If you define each word from your favorite book and organize the definitions alphabetically, you would have a dictionary, not your favorite book.
If you arrange each word from your favorite book by gathering similarly defined words, you have a thesaurus, not your favorite book.
Neither the dictionary nor the thesaurus is anything like your favorite book, because both the architecture and the content determine how you interpret and use the resulting information.
For example, “8 of 10 Doctors Do Not Recommend” and “Doctor Recommended” are both true statements, but each serves a different intent.
Reality doesn’t always fit existing patterns.
Beware of jumping into an existing solution or copying existing patterns. In my experience, too many people buy into an existing solution’s flexibility to later discover its rigidity.
Imagine trying to design a luxury fashion magazine using a technical system for grocery store coupons. The features you need may seem similar enough until you consider your context. That’s when reality sets in.
What brings whopping returns to one business might crush another. What works for kids might annoy older people. What worked five years ago may not work today.
We have to think about the effects of adopting an existing structure or language before doing so.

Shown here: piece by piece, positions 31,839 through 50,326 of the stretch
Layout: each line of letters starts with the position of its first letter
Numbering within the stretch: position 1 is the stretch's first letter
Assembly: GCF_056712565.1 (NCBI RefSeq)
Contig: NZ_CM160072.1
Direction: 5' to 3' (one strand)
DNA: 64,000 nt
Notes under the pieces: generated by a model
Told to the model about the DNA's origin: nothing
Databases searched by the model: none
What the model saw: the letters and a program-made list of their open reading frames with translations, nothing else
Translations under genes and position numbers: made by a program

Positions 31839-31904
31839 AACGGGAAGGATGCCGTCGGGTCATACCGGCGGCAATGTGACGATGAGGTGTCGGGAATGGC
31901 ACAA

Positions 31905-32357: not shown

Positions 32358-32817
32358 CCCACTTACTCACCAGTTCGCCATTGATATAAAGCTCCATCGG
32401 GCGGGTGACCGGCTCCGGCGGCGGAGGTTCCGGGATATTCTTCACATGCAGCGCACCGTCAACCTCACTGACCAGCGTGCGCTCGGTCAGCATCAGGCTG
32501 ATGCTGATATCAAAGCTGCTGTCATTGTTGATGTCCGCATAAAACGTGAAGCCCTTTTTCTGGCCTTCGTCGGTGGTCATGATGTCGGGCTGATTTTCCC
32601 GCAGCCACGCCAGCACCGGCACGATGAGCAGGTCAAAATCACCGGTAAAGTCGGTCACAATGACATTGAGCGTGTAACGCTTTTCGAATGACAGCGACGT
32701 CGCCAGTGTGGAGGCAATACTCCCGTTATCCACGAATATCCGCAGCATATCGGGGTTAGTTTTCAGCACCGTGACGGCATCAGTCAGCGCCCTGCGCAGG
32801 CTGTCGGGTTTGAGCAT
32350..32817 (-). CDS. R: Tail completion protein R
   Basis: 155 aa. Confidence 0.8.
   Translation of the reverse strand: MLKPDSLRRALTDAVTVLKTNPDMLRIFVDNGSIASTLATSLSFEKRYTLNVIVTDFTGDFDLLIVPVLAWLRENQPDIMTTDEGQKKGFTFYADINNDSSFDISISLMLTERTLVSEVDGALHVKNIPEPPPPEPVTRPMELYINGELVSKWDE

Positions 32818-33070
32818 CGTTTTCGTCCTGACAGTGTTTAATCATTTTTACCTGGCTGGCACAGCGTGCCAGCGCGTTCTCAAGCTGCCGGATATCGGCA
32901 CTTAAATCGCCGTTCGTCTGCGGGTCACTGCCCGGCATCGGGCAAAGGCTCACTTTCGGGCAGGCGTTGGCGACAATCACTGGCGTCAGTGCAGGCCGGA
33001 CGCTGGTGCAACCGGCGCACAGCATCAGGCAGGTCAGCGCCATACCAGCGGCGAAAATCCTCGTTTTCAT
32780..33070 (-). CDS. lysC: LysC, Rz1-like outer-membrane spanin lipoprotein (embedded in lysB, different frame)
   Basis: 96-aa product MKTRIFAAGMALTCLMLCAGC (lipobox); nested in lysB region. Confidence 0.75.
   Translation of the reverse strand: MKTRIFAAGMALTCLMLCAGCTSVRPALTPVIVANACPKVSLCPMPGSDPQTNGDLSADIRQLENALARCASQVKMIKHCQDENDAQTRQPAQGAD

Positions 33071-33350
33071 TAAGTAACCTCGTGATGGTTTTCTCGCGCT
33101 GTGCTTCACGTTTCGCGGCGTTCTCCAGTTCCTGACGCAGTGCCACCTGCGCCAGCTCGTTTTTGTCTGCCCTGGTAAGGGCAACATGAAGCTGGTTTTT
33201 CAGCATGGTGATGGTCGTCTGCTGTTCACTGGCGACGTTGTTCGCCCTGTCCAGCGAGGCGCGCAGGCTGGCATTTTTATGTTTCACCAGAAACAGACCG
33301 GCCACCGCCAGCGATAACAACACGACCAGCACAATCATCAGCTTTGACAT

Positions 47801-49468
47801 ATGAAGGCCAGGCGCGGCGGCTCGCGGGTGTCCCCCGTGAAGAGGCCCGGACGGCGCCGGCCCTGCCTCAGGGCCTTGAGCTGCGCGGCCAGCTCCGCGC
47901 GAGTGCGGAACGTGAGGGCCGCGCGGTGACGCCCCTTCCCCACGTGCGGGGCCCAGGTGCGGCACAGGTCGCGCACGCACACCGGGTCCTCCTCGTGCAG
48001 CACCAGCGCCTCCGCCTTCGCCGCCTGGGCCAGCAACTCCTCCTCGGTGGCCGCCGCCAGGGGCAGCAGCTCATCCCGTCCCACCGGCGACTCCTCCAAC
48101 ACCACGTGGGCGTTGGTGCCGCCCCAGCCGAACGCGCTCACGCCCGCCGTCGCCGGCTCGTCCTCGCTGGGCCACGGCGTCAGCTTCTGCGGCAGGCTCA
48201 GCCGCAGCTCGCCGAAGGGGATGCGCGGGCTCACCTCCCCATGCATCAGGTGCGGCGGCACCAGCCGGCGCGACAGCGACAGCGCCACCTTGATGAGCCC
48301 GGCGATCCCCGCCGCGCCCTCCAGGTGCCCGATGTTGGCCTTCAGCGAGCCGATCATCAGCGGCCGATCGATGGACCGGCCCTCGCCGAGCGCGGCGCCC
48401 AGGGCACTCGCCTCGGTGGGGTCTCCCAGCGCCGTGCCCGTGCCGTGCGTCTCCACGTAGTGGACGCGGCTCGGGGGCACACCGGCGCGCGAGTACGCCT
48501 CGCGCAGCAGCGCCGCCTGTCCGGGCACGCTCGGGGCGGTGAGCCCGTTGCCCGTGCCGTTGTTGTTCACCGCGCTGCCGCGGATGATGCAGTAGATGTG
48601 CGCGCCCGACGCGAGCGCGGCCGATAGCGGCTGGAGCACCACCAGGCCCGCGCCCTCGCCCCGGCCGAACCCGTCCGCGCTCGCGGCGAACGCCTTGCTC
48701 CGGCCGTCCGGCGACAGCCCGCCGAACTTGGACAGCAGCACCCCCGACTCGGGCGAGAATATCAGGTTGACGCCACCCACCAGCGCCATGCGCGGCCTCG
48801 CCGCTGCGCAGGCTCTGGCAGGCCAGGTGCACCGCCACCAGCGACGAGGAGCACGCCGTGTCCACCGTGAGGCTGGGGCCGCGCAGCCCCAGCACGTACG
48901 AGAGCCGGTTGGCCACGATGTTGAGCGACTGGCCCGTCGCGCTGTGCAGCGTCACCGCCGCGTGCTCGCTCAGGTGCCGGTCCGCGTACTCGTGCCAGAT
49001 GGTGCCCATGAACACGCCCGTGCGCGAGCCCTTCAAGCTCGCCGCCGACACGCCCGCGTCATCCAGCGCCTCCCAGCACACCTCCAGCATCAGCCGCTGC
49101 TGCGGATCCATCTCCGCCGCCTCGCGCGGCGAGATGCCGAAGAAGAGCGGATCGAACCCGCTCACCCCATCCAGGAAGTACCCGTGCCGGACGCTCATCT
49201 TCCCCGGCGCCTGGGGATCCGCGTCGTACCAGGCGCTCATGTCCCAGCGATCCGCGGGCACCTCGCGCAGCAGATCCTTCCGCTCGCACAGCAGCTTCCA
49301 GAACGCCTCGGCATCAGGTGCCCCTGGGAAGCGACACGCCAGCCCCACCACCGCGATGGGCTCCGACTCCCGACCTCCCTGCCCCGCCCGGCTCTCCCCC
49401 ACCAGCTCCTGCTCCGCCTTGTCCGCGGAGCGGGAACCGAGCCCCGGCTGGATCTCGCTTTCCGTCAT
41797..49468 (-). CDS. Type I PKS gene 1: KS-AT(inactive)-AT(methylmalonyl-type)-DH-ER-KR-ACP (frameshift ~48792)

When architecting information, focus on your own unique objectives. You can learn from and borrow from other people. But it’s best to look at their decisions through the lens of your intended outcome.
There are spaces between the places we make.
When you’re cleaning up a big mess, assess the spaces between places as well as the places themselves.
A place is a space designated for a specific purpose.
For example, if you built a public park, you might make a path to walk on, a picnic area, a playground, some bathrooms, and a soccer field. These areas were made with tasks in mind.
If parkgoers wear down a path through your fresh laid grass, you as the parkitect (ha!) could see it as an annoyance. Or you could see it as a space between places and pave over it so people can get where they want to go without walking through the mud.
A space is an open, free, or unoccupied area.
Space may not have a designated purpose yet, but that doesn’t stop users from going there.
No matter what you’re making, your users will find spaces between places. They bring their own context and channels with them, and they show you where you should go next. Find areas in flux and shine a light on them.
This is hard.
It’s hard to decide to tear down a wall, take off the roof, or rip up the floorboards. It’s hard to admit when something architectural isn’t serving you.
It’s hard to find the words for what’s wrong.
It’s hard to deal with the time between understanding something is wrong and fixing it.
It’s hard to get there.
It’s hard to be honest about what went right and what went poorly in the past.
It’s hard to argue with people you work with about fuzzy things like meaning and truth.
It’s hard to ask questions.
It’s hard to hear criticism.
It’s hard to start over.
It’s hard to get to good.